Children’s Mental Health Policy Summit at Clayton Early Learning

On November 13, nearly 200 health and education professionals gathered at The Historic Clayton Campus for the annual Children’s Mental Health Policy Summit, hosted by The Colorado Children’s Campaign, The Civic Canopy, Children’s Hospital of Colorado, All Kids Covered, Colorado Coalition for the Medically Underserved and Clayton Early Learning.


Children’s mental health is an emerging critical issue in Colorado and the Summit provided an opportunity to both educate attendees on current mental health initiatives in Colorado, as well as to provide an effective forum for discussion and collaboration among the group of stakeholders. 
Following welcome and introductions by All Kids Covered, The Civic Canopy provided a brief overview of the state of children’s mental health challenges in Colorado and presented the Summit panelists who included representatives from Early Childhood Mental Health Plan, Project LAUNCH and LAUNCH Together, Early Childhood Colorado Partnership, Essentials for Childhood, Colorado Opportunity Project and Colorado State Innovation Model.


Following the panel discussion and Q&A, small groups were assembled to identify policy barriers that affect the coordinated mental health system for children and their families. Later, public driving forces for mental health services were examined in effort to establish a strategic approach to collaborative work for children’s mental health advocates.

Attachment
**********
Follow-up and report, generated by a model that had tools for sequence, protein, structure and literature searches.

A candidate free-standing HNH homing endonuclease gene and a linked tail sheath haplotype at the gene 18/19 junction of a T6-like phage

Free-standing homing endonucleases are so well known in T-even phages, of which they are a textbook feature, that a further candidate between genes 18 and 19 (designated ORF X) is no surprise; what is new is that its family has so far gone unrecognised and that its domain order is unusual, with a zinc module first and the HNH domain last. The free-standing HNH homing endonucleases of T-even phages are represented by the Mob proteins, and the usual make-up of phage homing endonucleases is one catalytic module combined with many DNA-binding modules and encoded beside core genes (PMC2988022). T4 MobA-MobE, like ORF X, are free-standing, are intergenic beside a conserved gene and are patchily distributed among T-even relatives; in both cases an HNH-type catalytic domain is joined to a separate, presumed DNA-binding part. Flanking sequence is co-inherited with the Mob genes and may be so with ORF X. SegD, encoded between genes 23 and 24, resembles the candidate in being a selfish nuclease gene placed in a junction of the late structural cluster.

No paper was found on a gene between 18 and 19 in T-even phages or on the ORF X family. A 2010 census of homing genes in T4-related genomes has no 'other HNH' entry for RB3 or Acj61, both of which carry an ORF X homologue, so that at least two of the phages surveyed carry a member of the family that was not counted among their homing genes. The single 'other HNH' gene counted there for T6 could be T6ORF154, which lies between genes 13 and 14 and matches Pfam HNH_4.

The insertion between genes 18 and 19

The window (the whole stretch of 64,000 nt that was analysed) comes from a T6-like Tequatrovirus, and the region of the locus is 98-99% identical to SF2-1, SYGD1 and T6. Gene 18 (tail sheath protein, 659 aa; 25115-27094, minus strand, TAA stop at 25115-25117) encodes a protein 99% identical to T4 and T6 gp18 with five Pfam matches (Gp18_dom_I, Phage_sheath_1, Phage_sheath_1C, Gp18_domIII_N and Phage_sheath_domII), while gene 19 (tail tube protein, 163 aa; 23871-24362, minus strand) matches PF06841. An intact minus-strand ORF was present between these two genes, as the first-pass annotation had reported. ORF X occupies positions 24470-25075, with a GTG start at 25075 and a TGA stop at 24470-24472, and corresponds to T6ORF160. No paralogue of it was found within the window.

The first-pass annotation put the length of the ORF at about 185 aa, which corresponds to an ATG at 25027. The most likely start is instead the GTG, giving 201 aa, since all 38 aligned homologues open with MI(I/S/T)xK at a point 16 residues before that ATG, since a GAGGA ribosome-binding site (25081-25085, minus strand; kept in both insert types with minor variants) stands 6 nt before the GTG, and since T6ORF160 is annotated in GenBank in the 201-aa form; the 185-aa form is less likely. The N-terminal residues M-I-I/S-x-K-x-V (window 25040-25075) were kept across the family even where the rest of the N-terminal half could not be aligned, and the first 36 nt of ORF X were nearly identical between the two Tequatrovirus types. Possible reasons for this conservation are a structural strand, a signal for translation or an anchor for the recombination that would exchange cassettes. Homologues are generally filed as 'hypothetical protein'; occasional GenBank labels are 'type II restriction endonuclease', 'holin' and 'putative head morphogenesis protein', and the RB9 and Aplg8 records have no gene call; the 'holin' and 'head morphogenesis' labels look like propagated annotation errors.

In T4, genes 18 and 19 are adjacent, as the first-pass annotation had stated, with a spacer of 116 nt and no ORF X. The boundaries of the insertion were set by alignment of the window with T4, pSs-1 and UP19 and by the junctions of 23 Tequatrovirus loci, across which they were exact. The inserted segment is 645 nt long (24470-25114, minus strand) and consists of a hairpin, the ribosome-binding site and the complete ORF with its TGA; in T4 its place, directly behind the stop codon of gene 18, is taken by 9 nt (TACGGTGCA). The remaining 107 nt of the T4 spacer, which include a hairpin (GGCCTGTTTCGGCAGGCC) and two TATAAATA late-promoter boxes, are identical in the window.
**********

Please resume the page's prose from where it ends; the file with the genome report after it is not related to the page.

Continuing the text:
The Summit planning committee has collected notes and submissions from event attendees and plans to use this information to guide next steps for both the committee as well as all those who were in attendance. “We need to maximize on the momentum gained at the Summit,” says Clayton Early Learning Policy Specialist, Lauren Heintz. “What’s important is that we use the information and input that was collected to continue to inform policy stakeholders about current issues as well as the actions and initiatives that they can support to move this issue forward. The Summit planning committee is very excited to see so many advocates that are ready to take next steps in enhancing and expanding children’s mental health resources in our state.”


To learn more about the state of children’s mental health services in Colorado and the policy initiatives that could impact how children and families receive support, read “Young Minds Matter: Supporting Children’s Mental Health Through Policy Change” on ColoradoKids.org